Feel free to post any short piece of C/C++ code and we can compare the output of various compilers for that code. I can chip in with Intel 10.0.026 and MSVC 2005 output if you want and others are free to use whatever they want. Finally we can write it by hand in assembler to compare with machine generated code but it would be neccessary to state the time taken for such work so we can judge by comparing performance / effort ratio.
Post 07 Aug 2007, 20:36
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levicki



Joined: 29 Jul 2007
Posts: 26
Location: Belgrade, Serbia
levicki
vid wrote:
could you provide me some link to "Intel Developer Services Writer's Guide"? I failed to find it anywhere.


I can't find it either, but I have a (probably a bit outdated) copy. Here you go.


Description: Intel Developer Services Writer's Guide 2.0
Download
Filename: IDS Writer's Guide 2.0.zip
Filesize: 238.78 KB
Downloaded: 490 Time(s)

Post 07 Aug 2007, 21:43
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MichaelH



Joined: 03 May 2005
Posts: 402
MichaelH
Vid can you split off this debate about the value of the Intel C/C++ compiler. I'm very interested in levicki and Xorpd! continuing any discussion about memory optimisation but I also would like to get to the bottom of why mov eax, 0 beat xor eax, eax on newer processors as shown by the tests you posted earlier.
Post 07 Aug 2007, 22:48
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Xorpd!



Joined: 21 Dec 2006
Posts: 161
Xorpd!
levicki wrote:

- CPU is Core 2 Duo E6300.
- It compares Intel's memcpy() with yours in real application, inside of 3D Gaussian blur function. memcpy() was used for copying processed rows back into the source because operation has to be inplace and you can't write previous two rows back until you finish the third one or you will get wrong results for the third row.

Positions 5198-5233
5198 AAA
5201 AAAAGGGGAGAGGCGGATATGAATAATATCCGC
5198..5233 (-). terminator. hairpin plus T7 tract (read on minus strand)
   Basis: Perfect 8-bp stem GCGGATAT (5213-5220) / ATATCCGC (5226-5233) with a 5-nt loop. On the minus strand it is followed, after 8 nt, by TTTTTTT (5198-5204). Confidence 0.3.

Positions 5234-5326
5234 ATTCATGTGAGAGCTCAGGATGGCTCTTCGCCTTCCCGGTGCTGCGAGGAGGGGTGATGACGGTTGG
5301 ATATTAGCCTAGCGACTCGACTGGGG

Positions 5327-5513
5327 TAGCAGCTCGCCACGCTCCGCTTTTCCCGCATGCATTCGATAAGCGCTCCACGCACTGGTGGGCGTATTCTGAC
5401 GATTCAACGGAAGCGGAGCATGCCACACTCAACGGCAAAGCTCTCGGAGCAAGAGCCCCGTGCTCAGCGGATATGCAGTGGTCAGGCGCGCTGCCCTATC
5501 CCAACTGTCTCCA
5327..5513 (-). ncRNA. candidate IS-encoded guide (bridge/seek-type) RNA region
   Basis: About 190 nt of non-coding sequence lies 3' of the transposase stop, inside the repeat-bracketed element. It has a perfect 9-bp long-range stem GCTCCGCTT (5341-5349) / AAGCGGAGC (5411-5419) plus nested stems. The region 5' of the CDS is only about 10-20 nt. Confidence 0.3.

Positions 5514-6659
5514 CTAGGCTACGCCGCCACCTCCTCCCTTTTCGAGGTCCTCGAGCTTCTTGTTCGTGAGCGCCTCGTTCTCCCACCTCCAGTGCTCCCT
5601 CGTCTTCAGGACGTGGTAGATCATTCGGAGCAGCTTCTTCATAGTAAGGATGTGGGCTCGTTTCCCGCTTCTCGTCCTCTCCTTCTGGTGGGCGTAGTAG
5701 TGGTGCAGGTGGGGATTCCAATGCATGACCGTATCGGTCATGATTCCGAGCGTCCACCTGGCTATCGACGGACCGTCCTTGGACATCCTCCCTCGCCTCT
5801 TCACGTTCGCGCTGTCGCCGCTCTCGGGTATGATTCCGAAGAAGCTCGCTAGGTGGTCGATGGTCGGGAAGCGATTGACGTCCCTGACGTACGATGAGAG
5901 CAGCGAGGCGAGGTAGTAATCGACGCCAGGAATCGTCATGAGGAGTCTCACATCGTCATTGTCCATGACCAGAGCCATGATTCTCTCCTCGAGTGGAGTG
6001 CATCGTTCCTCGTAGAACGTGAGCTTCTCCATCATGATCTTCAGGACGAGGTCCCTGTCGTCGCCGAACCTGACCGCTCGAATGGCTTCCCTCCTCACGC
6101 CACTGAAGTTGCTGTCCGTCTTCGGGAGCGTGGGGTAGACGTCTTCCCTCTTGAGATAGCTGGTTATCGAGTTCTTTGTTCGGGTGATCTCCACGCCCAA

- That means I haven't used your test driver so I do not have clock table but I had measured time spent in your memcpy() and in Intel's and it was about the same or a bit worse.

Ummm, where do I start with this? So instead of testing my code, you wrote code that you said was equivalent to my code when in reality you aren't competent at x86 optimization as seen by your failure to distinguish between the garbage generated by Intel's compiler and good code. OK, then you tested it in a context where the alignment isn't obvious to the readers of your post, and alignment is critical. If you look at the memcpy.txt file on my website, you can see that even for the worst cases of alignment it takes under 1200 clocks to copy 8000 bytes. Using string moves, the best cases of alignment took 1100 clocks and the worst cases took about 13000, an order of magnitude performance ratio even without subtracting the 64 clocks for rdtsc latency and further code improvements alluded to in my previous post.

Then the data size... for small data sizes, the improvements envisioned might be more significant because the lion's share of the improvement lay in loop setup overhead. For larger datasets, the performance would be limited by throughput to L2 cache and beyond, diluting the effect of all the fancy optimizations.